I thought this was a great idea, and wanted to share it with all of you! I think it could be especially helpful for my impulsive ADHD’er! I’ll be sure to share a few of her other secrets in future posts.

Good luck along your journey, and remember, we all say things we wish we could take back. Maybe focusing on this “take backs” concept will help our children actually think before they speak…Now wouldn’t that be nice! 😉

Praise & Encouragement go a long way…Be your child’s cheerleader!

Kids need to know that they are doing the right thing, and they depend on Mom and Dad to keep them in check!  We all have had our moments when our children are definitely not acting the way we raised them, or so we thought.

Remember, much of our teaching is by example, and much of what kids learn about behavior is observed.

I find myself raising my voice more often than I like, it is a bad habit that I am trying to stop.  There are days that Joshua just makes me lose it, and if I don’t walk away, I could turn into a Drill Sargent. When I say do something, I expect it to be done, you know what I’m saying??? I don’t want to have to repeat myself 2, 3, 4 or more times!! It definitely takes a lot of patience to be a parent, more than I ever imagined!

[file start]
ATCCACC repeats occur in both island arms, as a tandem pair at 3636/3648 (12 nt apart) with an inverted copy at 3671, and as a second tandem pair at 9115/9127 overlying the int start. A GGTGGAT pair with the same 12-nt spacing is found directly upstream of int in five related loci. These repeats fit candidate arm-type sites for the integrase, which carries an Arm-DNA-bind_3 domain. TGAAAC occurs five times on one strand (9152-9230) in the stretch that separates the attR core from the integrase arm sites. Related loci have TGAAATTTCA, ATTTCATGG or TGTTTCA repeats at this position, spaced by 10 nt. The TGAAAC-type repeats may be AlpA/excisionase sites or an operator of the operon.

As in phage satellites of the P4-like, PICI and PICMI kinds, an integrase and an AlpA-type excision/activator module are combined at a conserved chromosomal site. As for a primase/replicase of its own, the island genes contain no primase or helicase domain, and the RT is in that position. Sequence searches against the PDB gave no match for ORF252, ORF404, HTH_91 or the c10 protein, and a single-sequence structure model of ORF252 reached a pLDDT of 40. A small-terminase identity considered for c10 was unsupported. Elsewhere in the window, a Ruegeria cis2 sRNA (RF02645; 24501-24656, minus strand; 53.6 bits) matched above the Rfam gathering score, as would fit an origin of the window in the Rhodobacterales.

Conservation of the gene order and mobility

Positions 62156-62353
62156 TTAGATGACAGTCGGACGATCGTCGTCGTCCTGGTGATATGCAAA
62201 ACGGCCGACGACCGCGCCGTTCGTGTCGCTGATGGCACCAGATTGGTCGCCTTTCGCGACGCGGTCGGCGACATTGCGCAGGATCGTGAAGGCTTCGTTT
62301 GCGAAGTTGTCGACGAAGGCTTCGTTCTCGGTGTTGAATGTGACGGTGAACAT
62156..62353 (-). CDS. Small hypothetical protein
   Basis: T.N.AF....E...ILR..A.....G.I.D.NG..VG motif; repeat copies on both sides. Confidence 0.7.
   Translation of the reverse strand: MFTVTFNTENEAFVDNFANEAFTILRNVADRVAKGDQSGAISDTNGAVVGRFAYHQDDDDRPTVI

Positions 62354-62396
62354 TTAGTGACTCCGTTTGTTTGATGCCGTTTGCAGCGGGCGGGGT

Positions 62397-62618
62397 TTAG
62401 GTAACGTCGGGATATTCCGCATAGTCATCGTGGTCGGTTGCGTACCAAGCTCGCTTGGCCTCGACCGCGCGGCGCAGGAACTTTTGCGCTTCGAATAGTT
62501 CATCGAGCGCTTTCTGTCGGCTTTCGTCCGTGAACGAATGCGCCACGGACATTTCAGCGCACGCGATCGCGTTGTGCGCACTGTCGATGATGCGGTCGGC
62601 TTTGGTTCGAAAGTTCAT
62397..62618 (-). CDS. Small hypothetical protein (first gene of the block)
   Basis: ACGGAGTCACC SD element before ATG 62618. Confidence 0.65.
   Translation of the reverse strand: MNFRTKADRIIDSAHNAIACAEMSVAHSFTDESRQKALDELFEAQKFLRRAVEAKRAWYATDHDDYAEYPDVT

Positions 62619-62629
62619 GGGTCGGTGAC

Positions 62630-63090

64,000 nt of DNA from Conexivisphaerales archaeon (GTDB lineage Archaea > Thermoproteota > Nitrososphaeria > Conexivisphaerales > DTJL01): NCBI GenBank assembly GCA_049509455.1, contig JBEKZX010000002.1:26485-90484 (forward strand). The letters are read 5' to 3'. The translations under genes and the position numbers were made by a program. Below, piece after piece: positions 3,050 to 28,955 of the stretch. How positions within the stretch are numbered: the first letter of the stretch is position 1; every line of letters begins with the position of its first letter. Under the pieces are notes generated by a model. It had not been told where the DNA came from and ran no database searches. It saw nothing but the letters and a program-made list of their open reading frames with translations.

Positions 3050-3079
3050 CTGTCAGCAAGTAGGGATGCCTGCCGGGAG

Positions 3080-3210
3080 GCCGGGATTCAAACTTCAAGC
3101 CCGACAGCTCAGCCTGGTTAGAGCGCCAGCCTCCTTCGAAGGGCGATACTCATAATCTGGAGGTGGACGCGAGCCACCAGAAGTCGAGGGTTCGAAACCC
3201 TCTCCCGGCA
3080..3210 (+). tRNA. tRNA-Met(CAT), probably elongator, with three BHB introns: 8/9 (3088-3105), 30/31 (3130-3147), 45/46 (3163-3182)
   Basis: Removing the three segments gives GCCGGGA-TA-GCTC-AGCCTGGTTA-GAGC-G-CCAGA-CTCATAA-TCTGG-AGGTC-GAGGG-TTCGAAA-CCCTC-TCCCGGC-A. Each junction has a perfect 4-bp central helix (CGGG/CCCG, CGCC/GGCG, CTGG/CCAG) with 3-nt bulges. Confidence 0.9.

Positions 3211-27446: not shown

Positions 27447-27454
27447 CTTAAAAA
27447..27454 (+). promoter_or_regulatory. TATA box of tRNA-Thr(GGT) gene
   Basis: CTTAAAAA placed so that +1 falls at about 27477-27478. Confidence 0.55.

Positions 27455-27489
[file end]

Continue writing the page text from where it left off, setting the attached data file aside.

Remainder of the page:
The louder I get, the less they hear…. The longer I talk, the less they hear…. 😦

It’s not that I have chosen to parent this way, there are just those days that I’m on the go and/or stressed over something, and I have less patience. On days like this, I am grateful for a husband that can balance me.  Fortunately, we balance each other well! 🙂 When he has his days, I have to call him down too. We talk about it, and know we need to keep our cool and address the issue at hand.  Instead of focusing on what Josh has done wrong, focusing on the behavior and how to change it is the key. I mention Joshua, because he IS the reason James Dobson wrote the books, Raising the Strong Willed Child and Bringing Up Boys! Which I highly recommend! Good info, and fun to read!